BEECH GROVE, Ind. — As a kid, Tim Showalter worked in a wood shop with his dad. He then did IT education for 25 years and decided he wanted to try something else. He started watching “American Restoration” on the History Channel and realized he could make a new career for himself by restoring things.
“I always enjoyed picking up bikes and taking them apart and painting them, putting back together and then selling them out of the front yard as a kid with a friend of mine,” said Tim, who now owns Hoosier Boy Restoration.
“My tag line is sort of like restoring your memories.”
The business opened a few years ago in Beech Grove.
“We restore basically anything from the early to mid-20th Century and we get into the 19th Century too. Most of it is metal, we do some wood and fiberglass, we don’t really do plastic, most of our stuff comes from the 60s and earlier. A lot of it is toys and memorabilia that people have grown up with who are in our age group or a little older and they want to relive that memory or pass it on to their grandchildren,” she said.
“We’ve done gas pumps, the old gas pumps with the globes on them from the 40s and 50s, we do dozens of wagons, people have fond memories with their wagons and we also do pedal cars. We do tricycles, bicycles and we do coke machines. If it’s metal, we can usually sandblast it and prep it and paint it and make it look nice.”
Tim says 95% of his customers find him online and they will ship him items to restore from all over the world.
“I’m on about 28 projects right now and working seven days a week with my guys. We have a toy horse, it was made in the 40s in England, and it’s highly collectible. We’re also working on a 1929 Turner Lincoln sedan car; it’s a toy car that was probably $13 to $15 new back in the 20s, which was a lot back then. Today it’s probably worth in a raw state $1,500 to $2,000, restored it could go for $5,000. That’s not to say everything I restore is going to automatically go up in price. A lot of times it’s just restoring that memory because that’s what they’re looking for.”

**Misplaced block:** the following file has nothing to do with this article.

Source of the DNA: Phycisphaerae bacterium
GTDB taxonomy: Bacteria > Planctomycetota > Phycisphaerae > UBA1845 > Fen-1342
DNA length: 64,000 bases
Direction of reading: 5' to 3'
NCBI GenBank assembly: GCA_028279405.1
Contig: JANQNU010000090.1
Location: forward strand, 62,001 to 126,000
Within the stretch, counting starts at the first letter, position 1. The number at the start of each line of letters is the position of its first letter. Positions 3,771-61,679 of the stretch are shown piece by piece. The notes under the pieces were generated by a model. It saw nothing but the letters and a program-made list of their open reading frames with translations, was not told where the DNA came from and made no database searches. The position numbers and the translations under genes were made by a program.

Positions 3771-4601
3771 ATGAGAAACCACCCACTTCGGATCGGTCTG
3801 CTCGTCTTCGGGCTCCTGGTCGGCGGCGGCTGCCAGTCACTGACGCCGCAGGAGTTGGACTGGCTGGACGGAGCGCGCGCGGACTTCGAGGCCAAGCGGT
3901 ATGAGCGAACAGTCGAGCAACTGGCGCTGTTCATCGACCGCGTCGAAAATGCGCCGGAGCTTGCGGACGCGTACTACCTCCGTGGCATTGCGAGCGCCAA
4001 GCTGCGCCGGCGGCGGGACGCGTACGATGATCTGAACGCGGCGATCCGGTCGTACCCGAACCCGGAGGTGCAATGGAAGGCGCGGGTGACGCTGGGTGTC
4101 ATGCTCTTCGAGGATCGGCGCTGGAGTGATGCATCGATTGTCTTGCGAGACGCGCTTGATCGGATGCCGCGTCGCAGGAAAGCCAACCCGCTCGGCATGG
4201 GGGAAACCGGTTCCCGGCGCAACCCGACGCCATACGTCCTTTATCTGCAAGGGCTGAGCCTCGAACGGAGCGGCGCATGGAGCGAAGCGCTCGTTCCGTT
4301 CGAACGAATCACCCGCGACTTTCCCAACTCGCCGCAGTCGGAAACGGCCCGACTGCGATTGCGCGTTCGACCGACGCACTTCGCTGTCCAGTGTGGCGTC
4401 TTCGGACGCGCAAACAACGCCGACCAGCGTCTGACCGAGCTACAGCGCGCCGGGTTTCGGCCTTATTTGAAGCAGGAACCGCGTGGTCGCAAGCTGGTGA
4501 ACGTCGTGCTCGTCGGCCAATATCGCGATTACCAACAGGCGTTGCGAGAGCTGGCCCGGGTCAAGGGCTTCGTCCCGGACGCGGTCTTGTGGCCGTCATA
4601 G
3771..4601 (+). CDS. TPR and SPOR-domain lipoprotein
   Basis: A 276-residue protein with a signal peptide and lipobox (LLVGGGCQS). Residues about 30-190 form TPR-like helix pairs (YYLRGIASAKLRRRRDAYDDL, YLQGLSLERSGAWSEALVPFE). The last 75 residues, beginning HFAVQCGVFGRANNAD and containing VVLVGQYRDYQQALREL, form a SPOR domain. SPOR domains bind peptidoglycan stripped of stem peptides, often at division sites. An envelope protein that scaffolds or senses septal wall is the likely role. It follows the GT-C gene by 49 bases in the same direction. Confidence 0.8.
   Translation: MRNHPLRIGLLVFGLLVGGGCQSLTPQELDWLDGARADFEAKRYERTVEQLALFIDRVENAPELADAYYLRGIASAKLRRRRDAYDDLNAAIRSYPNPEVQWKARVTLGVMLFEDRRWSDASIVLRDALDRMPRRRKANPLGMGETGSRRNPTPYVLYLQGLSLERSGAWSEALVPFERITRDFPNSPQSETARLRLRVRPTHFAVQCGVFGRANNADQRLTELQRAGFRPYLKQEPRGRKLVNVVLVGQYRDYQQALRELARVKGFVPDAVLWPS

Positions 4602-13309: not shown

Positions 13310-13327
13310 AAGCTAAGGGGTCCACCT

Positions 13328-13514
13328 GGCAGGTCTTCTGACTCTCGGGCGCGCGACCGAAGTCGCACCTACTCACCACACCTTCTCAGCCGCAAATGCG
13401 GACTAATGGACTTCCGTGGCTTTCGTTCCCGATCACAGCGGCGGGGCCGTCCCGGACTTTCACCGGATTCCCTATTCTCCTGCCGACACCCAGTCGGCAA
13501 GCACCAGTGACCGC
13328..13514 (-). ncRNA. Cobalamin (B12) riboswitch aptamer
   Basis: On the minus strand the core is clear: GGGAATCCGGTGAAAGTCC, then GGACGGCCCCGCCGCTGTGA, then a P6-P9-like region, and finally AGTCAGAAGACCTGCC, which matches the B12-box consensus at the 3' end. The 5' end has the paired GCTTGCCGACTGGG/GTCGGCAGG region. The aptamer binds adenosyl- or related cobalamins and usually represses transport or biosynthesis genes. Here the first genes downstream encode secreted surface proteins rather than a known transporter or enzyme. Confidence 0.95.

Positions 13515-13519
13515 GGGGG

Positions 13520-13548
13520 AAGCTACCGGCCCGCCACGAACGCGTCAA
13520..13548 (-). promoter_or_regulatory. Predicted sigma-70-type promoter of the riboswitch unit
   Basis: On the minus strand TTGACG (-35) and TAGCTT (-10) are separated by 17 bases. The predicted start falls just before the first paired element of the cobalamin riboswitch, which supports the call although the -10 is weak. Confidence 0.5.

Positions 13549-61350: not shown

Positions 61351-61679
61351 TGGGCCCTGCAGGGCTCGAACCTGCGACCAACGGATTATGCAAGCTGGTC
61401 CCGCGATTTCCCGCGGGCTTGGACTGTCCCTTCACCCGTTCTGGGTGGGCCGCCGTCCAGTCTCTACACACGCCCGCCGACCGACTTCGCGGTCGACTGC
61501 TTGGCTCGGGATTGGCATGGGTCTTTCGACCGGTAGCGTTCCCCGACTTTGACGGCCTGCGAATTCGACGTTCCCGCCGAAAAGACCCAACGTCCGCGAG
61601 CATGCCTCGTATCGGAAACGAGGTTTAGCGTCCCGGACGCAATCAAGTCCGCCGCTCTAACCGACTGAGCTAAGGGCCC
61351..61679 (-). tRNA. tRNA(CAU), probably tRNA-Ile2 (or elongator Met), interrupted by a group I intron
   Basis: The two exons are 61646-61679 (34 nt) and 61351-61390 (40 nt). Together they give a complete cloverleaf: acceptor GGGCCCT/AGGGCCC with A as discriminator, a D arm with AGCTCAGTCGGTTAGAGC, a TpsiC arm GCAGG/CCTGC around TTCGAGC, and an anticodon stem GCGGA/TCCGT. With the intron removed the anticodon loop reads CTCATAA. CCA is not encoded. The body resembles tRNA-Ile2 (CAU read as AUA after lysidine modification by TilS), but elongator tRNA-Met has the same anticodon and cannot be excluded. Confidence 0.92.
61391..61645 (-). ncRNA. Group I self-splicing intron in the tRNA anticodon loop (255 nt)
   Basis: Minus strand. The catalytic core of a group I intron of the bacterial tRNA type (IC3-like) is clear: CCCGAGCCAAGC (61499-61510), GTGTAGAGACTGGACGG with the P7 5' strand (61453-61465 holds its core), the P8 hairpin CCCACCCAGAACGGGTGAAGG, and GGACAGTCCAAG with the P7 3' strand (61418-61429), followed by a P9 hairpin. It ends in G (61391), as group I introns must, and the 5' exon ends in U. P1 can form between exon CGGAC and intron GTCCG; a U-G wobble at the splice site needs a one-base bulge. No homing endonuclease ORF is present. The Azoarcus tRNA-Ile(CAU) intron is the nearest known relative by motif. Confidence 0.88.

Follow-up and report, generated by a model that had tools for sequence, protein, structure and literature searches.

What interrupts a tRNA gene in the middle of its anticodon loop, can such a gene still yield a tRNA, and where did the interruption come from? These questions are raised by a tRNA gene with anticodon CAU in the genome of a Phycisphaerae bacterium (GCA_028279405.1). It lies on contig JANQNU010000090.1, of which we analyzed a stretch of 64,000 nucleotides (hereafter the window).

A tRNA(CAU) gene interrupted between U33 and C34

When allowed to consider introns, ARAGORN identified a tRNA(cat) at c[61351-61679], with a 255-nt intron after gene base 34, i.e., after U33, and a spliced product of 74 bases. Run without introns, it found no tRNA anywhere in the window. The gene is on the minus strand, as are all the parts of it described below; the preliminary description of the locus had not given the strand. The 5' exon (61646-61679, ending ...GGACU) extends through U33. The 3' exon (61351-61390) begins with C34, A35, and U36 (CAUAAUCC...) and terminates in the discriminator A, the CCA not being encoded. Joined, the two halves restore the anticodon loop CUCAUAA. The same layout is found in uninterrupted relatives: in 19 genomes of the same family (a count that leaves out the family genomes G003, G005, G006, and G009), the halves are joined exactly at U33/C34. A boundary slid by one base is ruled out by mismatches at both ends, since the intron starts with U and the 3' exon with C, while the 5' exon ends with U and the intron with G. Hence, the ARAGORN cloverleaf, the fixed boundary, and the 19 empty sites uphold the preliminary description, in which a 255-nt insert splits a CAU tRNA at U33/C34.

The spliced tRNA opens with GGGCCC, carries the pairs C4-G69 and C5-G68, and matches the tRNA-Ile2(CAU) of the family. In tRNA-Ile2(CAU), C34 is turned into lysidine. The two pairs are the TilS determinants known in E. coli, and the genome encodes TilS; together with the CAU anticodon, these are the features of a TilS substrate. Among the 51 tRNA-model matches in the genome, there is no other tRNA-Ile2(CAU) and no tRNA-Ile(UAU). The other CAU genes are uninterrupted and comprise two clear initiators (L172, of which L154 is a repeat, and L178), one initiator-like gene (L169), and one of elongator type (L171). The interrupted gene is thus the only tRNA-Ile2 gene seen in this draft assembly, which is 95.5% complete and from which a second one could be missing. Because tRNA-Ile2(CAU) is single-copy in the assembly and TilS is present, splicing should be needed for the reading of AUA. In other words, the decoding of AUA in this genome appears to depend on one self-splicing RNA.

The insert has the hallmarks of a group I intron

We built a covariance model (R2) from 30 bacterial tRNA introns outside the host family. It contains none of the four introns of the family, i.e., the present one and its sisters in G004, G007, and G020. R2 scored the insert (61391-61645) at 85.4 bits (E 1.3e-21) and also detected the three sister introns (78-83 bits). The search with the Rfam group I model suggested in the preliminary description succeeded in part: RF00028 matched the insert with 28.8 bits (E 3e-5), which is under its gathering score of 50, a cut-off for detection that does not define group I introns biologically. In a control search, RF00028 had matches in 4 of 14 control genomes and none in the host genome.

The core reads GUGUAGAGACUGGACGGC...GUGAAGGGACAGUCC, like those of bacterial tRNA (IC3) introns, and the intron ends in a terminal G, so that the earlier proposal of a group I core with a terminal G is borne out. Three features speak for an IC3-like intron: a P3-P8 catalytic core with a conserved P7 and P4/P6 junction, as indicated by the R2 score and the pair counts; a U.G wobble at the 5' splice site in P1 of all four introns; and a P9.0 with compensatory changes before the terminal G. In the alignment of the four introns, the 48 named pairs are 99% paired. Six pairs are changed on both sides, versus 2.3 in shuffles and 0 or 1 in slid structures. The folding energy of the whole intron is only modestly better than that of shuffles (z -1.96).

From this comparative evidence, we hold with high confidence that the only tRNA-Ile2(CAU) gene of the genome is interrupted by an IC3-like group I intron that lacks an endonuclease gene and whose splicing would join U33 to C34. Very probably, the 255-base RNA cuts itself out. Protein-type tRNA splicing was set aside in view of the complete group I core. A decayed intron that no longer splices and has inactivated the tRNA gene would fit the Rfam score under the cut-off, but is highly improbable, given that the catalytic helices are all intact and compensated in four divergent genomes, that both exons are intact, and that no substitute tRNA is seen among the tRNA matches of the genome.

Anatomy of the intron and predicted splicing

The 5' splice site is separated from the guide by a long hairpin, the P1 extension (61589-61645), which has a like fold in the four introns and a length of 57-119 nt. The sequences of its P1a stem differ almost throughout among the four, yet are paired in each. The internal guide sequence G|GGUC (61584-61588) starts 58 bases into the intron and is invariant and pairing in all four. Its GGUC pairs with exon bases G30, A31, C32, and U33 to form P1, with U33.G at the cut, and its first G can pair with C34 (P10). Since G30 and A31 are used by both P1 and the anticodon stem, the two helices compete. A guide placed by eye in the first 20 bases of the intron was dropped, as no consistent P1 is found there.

You’ll also find Rustic Root in Beech Grove. Owner Tammy Hanna opened the antique shop in September.
“We are an antique vintage repurpose shop so we take old rusty things and make them new. We like to tell customers that we want you to feel warm and fuzzy when you walk in, smell nice, come in as a customer and leave as a friend,” she said.
“If we come to us, we greet you, we pay special attention to you and if you’re looking for something in particular we do our best to get exactly what you’re looking for even if we have to modify it a little bit.”
You’ll find a lot of little treasures both big and small!
“Some of the little things that are gift items are these hand towels that a local Beech Grove gal made her for the shop and we also have candles and we have gift cards that are made from a local Beech Grover. We also have tea from Teapots N Treasures. I’m a tea drinker so we provide that and it’s a special blend of teas from Donna and she made one especially for us,” said Tammy.
Some of the bigger pieces include furniture and chandeliers.
“The teacup chandelier is a complete tea cup set with the saucers and the teapot and it’s a complete chandelier that’s repurposed and we also have a Mason jar lantern or chandelier. I would also say that my countertop is my most dear, my most favorite. It’s a 52 Chevy pickup truck and it was repurposed, it’s a complete pickup truck bed, repurposed into a countertop in memory of my father,” said Tammy.
If you are remodeling an entire house or just a room–or you need a few small things–you will definitely find something at Rustic Root.
“We have a mixture of clientele. We have very reasonable items that are priced lower and also things that we repurpose and put time and effort it. Of course those will be higher and then anything that’s unique it’s going to be on the higher end as well,” said Tammy.
Rustic Root has become so popular, in less than a year of being open, Tammy is moving just down the street to a bigger location in a few weeks that is nearby a few other vintage antique shops.
“You’ve got to shop local, you’ve got to support your little businesses and this is family owned and operated and of course I’m going to say shop local!”